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HT6 Compressor Oil Questions

SMAir on Thu August 24, 2006 9:59 AM User is offline

Year: 1996
Make: Chevrolet
Model: Tahoe
Engine Size: 5.7L
Refrigerant Type: R143a
Country of Origin: United States

I've got to change out the HT6 compressor on my uncle's 1996 Tahoe. The system is still working, but leaking badly. This will be my first HT6 replacement - I have replaced a number of R4s in the past. Unfortunately, I do not have a factory manual on this vehicle so I have some questions about oil capacity and how to measure it.

1. What is the oil capacity for this compressor?
2. Do I add oil to the new compressor based on how much oil I drain from the old compressor? What are the numbers to look for?
3. I also am going to replace the accumulator/drier. How much oil do I add for replacing this part?

I know I need to be particularly careful in mounting the new compressor, torquing the mounting bolts equally so that the body is not distorted. Any other helpful hints on installing this compressor?

Any recommendations on brand (Delphi, Visteon, Sanden) and class (new or remanufacturered)?

Thanks for your help.

Tom

Chick on Thu August 24, 2006 11:49 AM User is offlineView users profile

As long as you're changing it just due to leaking, I would go with the Seltec clone which is a better compressor in my opinion. You can get the accumulaotr and double end capped PAG 150 from Ackits.com as well. I'd add three ounces to the compressor and two to the accumulator.. a system flush is not needed if only a leak in the system...Hope this helps.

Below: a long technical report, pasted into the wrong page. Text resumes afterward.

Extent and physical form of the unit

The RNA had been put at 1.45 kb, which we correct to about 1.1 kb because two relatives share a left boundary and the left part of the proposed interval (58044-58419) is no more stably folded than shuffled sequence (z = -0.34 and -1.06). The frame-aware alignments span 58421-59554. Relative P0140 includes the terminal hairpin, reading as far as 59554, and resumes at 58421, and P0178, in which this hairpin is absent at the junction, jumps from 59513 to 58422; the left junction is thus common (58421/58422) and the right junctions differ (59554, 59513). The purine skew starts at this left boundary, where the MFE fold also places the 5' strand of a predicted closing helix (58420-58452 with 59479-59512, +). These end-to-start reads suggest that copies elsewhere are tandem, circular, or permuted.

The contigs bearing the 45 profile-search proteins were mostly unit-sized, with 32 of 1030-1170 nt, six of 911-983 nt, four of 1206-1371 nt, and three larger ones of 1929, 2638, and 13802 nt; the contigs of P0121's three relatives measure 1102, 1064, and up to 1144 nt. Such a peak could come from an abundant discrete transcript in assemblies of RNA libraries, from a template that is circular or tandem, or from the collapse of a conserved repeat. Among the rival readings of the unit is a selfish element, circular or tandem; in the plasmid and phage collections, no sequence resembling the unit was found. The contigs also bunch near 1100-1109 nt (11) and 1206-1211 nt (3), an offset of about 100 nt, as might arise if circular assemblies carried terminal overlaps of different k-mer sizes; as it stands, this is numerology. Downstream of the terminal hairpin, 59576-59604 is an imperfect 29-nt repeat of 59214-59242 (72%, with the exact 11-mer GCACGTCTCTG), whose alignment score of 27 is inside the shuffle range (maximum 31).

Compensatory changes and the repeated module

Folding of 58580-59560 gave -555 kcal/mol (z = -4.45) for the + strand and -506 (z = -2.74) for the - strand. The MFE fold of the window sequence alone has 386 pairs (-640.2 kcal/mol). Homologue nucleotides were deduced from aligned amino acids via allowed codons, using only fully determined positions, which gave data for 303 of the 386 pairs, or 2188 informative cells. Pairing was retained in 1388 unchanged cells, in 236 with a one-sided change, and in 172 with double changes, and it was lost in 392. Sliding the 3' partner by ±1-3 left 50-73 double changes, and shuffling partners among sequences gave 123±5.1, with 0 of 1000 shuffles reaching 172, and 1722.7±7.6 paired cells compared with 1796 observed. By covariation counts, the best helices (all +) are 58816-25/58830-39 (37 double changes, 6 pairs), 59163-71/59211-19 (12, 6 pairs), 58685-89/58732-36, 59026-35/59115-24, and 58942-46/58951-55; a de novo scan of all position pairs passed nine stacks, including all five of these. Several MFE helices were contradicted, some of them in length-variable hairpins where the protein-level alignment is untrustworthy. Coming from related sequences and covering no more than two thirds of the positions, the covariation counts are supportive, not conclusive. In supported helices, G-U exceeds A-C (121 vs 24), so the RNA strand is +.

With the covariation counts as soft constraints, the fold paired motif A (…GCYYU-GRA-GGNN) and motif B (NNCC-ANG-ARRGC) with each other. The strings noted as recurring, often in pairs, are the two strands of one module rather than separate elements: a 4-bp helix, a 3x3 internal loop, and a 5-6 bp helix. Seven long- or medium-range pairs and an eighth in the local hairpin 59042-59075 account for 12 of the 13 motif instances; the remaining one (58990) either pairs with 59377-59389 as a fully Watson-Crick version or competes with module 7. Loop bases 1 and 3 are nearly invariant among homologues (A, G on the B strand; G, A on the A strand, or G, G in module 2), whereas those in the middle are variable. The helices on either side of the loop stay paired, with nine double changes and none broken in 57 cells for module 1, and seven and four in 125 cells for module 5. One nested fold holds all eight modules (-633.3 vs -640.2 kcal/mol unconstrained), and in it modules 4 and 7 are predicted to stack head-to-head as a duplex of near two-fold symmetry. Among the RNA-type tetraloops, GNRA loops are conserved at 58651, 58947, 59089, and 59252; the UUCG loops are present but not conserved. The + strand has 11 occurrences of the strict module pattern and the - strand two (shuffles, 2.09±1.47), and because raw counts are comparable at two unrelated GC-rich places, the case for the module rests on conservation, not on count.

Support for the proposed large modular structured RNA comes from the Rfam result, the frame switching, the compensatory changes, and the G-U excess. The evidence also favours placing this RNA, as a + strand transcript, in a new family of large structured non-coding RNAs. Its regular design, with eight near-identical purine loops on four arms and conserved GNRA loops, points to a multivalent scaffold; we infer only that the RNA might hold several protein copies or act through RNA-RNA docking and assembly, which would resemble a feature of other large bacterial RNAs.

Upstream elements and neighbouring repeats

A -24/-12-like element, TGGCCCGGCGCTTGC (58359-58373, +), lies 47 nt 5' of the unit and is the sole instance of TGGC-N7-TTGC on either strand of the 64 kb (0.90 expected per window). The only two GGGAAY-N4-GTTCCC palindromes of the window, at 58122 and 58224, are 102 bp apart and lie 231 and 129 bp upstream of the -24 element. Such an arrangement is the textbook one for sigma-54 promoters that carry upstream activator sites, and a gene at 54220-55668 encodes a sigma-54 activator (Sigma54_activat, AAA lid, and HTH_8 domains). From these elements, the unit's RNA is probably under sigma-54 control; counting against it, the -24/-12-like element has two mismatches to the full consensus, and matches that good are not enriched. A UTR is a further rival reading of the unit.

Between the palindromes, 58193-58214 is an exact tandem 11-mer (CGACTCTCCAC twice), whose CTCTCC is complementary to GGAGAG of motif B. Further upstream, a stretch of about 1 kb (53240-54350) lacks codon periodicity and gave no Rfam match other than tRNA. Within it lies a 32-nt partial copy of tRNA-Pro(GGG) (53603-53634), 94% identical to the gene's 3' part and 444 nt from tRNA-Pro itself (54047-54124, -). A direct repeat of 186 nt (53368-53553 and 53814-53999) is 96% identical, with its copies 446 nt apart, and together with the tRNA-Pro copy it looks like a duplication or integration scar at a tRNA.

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Chick
Email: Chick

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Freedoms just another word for nothing left to lose

SMAir on Thu August 24, 2006 10:51 PM User is offline

It turns out that my uncle may doesn't need a compressor after all. (He had been told that he needed a compressor by the last person to service his system). I checked the system for leaks tonight using a CPS L-790a leak detector. This is my first attempt to work on a 134a system - I've been maintaining R-12 systems for years. No leaks at all around the compressor. I couldn't find any leaks any where I looked. I even cracked the evaporator case open and probed there. Every once in a while I would get some indication around some of the fittings, but I couldn't get them to repeat.

Does anyone have any ideas? The system is currently working well with normal discharge (200 PSI) and suction (25-30 PSI) pressures.

One final thing - where is the orifice tube located? The reason I ask is the the metal line from the condenser to the evaporator is cold and sweats all the way from the condenser. I suspect that the orifice tube is located in that line somewhere. I'm used to having the orifice tube located just inside the evaporator.

Thanks again for your help.

Chick on Thu August 24, 2006 11:34 PM User is offlineView users profile

Front air only, O tube is at the condenser outlet. But was the system leaking? Was it recharged, which would mean it's leaking...Add some UV dye to the system. I found a few HT6's show dye around the seams where the compressor sections are put together. Dye shows up there pretty well..Use the glasses though..

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Chick
Email: Chick

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Freedoms just another word for nothing left to lose